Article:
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Tunisian constitutional campaign continues as voter interest ebbs

Tunisian President Kais Saied’s campaign is flagging amidst international criticism and voter apathy and opposition.
Tunisia

TUNIS - Tunisian President Kais Saied’s constitutional reform process is suffering from discontent and resignations. Today the chairman of the advisory committee for the new republic, Dean Sadok Belaid, will submit the first draft of the new constitution, but it seems a weak reform amidst splits and resignations.

Judge Habib Rebai resigned from the higher independent electoral authority (ISIE), which is in charge of running the members of the advisory committee for the new republic. The ISIE claims that it will enroll more than 9 million voters out of a population of 12 million, yet voter and opposition movements such as the National Salvation Front, and the Free Constitutional Party (PDL) been excluded from the national dialogue and are calling for a total boycott of the referendum.

Tunisia’s so-called “referendum period” began on May 5, but the specially formed advisory committee did not sit in session for the first time until Saturday, June 4, with a minority of civil groups, including the union of trade, industry, and handicrafts (UTICA), the Union of Women and the League of Human Rights (LTTH), and just four political parties, including the nationalist party Echaab and the Popular Current.

However, those most noticeably absent have been the powerful general workers union UGTT, and major parties including Ennadha, which President Kais Saied has declared unwelcome. But many other parties have actively boycotted the process, including centrist and leftist parties traditionally opposed to Ennadha.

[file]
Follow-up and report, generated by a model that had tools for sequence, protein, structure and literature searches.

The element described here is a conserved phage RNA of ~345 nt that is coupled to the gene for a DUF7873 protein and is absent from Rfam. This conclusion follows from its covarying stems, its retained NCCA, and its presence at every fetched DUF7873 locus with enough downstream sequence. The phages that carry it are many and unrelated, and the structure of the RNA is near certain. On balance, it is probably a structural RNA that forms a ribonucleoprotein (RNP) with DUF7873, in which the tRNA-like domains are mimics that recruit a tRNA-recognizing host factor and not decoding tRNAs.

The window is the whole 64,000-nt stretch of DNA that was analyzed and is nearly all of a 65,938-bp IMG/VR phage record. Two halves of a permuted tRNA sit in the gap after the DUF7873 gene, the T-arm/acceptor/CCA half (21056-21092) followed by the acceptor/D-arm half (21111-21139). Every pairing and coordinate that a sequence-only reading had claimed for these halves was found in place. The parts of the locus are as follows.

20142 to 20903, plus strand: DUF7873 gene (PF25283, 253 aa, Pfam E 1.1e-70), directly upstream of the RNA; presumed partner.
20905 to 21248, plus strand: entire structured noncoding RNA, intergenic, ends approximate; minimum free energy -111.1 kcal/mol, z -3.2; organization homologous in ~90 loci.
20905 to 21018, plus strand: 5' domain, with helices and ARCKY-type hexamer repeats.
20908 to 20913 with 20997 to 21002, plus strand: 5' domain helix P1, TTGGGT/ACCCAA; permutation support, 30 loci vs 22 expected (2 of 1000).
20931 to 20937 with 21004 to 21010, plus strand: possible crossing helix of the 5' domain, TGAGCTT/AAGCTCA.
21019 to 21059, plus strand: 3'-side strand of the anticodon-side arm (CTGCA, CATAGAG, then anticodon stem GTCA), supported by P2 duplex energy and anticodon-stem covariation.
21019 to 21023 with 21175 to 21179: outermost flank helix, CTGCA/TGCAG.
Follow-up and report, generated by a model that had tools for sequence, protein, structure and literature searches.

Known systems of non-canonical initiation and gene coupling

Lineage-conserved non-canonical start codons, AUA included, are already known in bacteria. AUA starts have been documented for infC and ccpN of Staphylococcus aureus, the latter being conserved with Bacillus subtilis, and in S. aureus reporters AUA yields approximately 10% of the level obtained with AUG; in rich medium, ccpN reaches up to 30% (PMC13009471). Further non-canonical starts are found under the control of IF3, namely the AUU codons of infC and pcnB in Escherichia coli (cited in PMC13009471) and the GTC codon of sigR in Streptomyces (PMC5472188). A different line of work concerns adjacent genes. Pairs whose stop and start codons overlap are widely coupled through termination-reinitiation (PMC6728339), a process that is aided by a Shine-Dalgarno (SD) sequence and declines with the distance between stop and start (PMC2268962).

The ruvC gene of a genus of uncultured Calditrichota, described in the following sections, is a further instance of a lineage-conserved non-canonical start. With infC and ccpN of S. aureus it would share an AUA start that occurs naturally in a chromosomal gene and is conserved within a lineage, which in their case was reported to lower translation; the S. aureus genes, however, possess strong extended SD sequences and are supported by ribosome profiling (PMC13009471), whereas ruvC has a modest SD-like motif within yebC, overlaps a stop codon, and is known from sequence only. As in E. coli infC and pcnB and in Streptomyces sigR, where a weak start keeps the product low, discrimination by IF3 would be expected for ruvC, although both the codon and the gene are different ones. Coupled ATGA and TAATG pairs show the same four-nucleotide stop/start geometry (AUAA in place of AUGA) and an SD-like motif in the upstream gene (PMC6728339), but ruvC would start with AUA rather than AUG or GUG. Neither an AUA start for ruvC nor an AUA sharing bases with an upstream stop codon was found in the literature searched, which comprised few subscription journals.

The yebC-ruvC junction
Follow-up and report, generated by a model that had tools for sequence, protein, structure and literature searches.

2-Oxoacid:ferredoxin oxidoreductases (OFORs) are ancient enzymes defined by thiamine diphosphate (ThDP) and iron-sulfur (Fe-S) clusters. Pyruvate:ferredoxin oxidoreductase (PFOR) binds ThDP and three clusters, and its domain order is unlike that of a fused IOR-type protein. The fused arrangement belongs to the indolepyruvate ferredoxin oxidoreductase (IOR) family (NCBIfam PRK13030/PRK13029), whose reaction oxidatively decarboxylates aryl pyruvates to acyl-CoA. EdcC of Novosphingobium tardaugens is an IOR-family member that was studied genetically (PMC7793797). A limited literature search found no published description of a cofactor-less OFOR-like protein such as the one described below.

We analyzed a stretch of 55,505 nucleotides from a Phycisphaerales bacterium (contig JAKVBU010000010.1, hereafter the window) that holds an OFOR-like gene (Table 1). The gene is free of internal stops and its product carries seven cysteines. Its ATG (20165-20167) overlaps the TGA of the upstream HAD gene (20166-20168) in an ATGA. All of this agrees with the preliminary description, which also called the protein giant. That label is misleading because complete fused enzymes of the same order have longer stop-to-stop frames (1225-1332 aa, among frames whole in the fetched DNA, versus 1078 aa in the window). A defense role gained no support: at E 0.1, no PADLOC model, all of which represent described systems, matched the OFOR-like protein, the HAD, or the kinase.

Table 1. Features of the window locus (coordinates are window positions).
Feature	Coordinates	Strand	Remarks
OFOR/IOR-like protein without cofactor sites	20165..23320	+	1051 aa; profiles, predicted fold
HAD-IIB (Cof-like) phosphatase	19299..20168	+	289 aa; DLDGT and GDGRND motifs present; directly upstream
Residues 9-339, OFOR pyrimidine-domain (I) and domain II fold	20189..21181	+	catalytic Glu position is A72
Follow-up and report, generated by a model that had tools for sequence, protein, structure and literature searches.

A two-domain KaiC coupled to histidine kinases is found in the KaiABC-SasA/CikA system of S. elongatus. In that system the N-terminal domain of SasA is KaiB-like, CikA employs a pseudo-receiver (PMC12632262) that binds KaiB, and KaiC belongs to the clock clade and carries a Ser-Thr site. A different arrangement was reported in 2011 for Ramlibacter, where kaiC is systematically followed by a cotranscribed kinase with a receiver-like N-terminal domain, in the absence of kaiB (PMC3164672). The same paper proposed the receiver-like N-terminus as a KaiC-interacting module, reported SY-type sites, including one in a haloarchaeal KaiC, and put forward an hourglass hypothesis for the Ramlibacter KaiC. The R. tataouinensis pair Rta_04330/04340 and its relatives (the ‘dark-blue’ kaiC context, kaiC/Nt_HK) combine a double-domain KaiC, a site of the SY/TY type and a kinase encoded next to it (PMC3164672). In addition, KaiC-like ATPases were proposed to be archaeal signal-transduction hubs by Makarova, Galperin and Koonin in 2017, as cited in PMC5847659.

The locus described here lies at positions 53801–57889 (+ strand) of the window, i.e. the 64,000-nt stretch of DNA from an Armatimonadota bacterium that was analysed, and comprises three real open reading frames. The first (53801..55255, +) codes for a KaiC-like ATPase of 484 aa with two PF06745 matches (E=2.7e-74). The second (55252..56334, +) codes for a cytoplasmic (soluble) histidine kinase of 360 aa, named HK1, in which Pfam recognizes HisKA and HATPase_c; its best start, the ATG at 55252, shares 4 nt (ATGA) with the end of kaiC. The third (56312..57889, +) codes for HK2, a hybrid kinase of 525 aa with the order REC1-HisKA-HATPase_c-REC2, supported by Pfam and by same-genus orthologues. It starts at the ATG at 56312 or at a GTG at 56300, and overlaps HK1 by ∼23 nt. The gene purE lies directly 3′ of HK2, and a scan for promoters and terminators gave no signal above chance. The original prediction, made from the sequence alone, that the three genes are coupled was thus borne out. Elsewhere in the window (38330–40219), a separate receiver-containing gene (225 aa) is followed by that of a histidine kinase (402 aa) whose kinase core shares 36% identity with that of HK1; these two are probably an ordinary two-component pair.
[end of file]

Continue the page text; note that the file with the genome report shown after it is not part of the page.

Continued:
While the advisory committee sat in a gilded hall in the Palace of Carthage, a small group of leftist politicians and activists marched in the blistering heat to protest against the referendum, only to be met by a wall of police who pushed them back violently.

They bore placards calling the ISIE “The president’s fraud commission.” Front Populaire leader Hama Hammami told the international press that “we came as political parties and activists to express our beliefs, but police sprayed tear gas in our faces.” Although relatively small, it’s the most violent protest since last September.

Assistant professor of political science and Law at the South Mediterranean University (MSB) Eya Jarad believes protesters are right not to trust the ISIE “I’m not sure that I feel easy,” she said, “I’ve seen volunteers working with ISIE in the streets collecting data. We didn’t need people to go out to collect data, and there is a risk that this data being collected could be used to manipulate to get higher participation.”

While it took three years of hot debate to arrive at the 2014 constitution, the advisory committee initially set a deadline of June 20 to come to a first draft of the new constitution and final edit by June 30.

Political author Amine Snoussi said, “Saied’s real enemy seems to be time itself," which is running out quickly. “That is meant to reassure us that in 50 days we are meant to vote on a constitution that isn’t written yet. How can we try to take this seriously?”

Jarad thinks Saied’s timing is out of step with the real needs of the people right now. “With the inflation and strikes in different sectors families are cut off from water and it is incredibly hot and he [President Saied] is asking us to care about the drafting of a new constitution?” 

Head of the advisory committee Sadok Belaid raised more headlines when he proposed a fundamental change in the first article or preamble of the 2014 constitution: "Tunisia is a free, independent, and sovereign state, Islam is its religion, Arabic its language and the Republic its regime." According to an interview given to Agence France Presse, he believes that this will “block the way to political Islam,” despite the original text clearly stating that this first article could never be subject to revision.